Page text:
I know – I do give 90’s Goth a lot of shtick.
Retrospectively, much of it was just plain clichéd, if not outright ridiculous. Much of it did consist of very sub-par Sisters and Nephilim clones. It was simply depressing that the much more exciting and adventurous developments in Darkwave like Printed at Bismark’s Death, Das Ich, Die Form, The Eternal Afflict and Ghosting that were emerging at the time from
Europe, simply never seemed to catch on in the English-speaking countries.
I won’t name and shame, (the litany of the bands I detest from the period would make for a blog in itself) but really…much of it was just...well…awful.
That said however, is not to say that there weren’t some redeeming features, and some bands did it really well, and sometimes even intelligently.
I’m not going to analyse this in depth, but just to get it off my chest, what we have here is an inexhaustive sample of material from 90’s Goth that offended me least.
To all intents and purposes, the band that launched the second wave. I’ve often wondered what might have wandered through the mind of journalist Mick Mercer when these kids burst out after he wrote that “Fresh impetus into the Gothy scene seems unlikely” (The Gothic Rock Black Book, Omnibus Press, 1988). Probably very little, since he declared the Goth scene dead for a second time writing in Gothic Rock (Pegasus, 1991) with “This book is all but done. I can’t see me doing another on the topic, unless Goth is due for an entire rebirth which seems totally unlikely”. Seemingly unapologetic, the Mighty Mick has since gone on to produce at least another three volumes on said topic.
“Deeper” is from their debut An Eye For the Main Chance (Expression Records, 1991) and their big hit “Adrenaline” from the album that bears its name (Cleopatra, 1993). These days, main man Porl King has moved on to a new project called Misery Lab.
Hot on the heels of Rosetta Stone came The Screaming Marionettes, who would soon shorten their name somewhat. Although it’s probably safe to say The Marionettes represented a case of the anthemic over the cerebral, the title track of their debut album (Ave Dementia, Flicknife Records, 1991) remains a Goth dance-floor classic. Oddly enough, it doesn’t ever seem to have been released as a single. The Marionettes went on to release at least another three albums. Not seeming to take themselves completely seriously probably worked in their favour.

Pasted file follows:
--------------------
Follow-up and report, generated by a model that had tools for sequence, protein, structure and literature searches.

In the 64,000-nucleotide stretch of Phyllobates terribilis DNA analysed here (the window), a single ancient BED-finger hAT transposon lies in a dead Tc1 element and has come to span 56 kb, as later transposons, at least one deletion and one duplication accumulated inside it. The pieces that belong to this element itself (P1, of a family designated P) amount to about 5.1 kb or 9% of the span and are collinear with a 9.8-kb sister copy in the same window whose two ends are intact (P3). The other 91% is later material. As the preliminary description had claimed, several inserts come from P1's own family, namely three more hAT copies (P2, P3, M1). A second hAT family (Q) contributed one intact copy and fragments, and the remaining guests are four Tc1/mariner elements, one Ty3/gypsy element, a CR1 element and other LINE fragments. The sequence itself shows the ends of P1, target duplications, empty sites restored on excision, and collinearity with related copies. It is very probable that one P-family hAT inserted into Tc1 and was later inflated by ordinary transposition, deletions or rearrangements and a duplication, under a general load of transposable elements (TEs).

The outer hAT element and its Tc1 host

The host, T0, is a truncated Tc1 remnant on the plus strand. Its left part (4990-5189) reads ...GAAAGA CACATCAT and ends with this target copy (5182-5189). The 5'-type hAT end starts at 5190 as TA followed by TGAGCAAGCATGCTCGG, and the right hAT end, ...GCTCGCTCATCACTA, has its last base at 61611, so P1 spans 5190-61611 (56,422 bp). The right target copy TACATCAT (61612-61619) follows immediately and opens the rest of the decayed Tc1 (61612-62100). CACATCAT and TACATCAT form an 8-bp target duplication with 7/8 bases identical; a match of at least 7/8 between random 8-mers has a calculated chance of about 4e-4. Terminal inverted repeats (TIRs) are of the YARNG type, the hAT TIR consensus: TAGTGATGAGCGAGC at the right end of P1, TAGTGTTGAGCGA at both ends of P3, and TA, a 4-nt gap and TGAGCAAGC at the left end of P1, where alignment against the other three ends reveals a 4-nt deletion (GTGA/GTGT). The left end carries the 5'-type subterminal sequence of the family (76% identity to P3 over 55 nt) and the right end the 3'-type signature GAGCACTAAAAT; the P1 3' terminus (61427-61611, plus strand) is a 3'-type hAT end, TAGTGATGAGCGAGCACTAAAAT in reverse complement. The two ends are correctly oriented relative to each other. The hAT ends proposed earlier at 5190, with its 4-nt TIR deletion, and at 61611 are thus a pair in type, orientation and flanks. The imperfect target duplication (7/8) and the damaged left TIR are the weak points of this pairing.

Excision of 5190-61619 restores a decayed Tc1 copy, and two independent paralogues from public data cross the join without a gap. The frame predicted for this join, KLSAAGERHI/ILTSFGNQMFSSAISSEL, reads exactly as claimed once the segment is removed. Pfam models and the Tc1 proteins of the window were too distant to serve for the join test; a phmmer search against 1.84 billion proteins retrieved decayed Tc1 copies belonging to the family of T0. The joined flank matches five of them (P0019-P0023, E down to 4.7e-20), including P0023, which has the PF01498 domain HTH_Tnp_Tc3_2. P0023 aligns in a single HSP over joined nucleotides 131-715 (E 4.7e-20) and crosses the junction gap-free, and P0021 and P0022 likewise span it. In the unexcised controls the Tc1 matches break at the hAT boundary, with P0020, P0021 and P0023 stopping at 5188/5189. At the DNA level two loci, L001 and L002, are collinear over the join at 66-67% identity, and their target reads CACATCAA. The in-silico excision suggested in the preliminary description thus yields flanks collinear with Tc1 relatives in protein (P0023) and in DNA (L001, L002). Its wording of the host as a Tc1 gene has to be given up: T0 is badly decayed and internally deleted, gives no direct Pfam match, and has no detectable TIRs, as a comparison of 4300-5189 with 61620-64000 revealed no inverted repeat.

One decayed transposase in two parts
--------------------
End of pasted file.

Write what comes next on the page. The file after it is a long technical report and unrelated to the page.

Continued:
The third big name in the second wave.
It’s probably easier if I just confess up front to having always been uneasy with Nosferatu. Riding around in an antique hearse, and taking the vampire imagery beyond either the metaphorical or the tongue-in-cheek of “Bela Lugosi is Dead” to the literal level never struck me as something resembling a serious musical project so much as a tribute to The Munsters. The harpsichord intro to “Vampyre’s Cry”, a complete rip-off of The Sisters “Black Planet” didn’t help either. Indeed, it’s so close, that I’ve often wondered if it really was plagiarism or simply Nosferatu’s ill-advised attempt at humour.
Nevertheless, just as if you sit enough monkeys at typewriters, one of them will eventually replicate The Complete Works of Shakespere, even Nosferatu managed to get it right once in a while. This is from the B-Side of the Diva single (Possession Records, 1992).
Charging out of Hasting, and certainly one of the better generic bands, these are from their album Tourniquets of Loves Desire (Cleopatra, 1994). They also get bonus points for taking their name from a March Violets song. The album cover was certainly effective, if simple, with a specialist Goth record shop and label in
seemingly taking a variant of it as their logo. Unfortunately, if we fast-forward a few years, we find Children on Stun releasing an album entitled Mondo Weird (M and A Musicart, 1997) which must have seemed like a good idea at the time, and even worse was to come the following year with Outrageous, Outlawed, Outspoken (M and A Musicart, 1998), a title that sounds more like something that might emanate from the bowels of some hellish 80's hair metal band than anything remotely to do with Goth. Melbourne
Vastly more compelling than other many French Acts like say, Lucie Cries, Corpus Delecti swiftly rose to much-deserved prominence, for once escaping the cookie-cutter sound of so many Sisters clones, often with instrumentation more resembling Bauhaus. Even if the imagery was often over the top, it was a welcome change nevertheless. Absent Friend comes from their first album Twilight (Glasnost, 1993) and Saraband and Noxious from the Sylphs album (Glasnost, 1994). If you wanted to investigate deeper, then the Sarabands compilation (Cleopatra, 1996) comes highly recommended.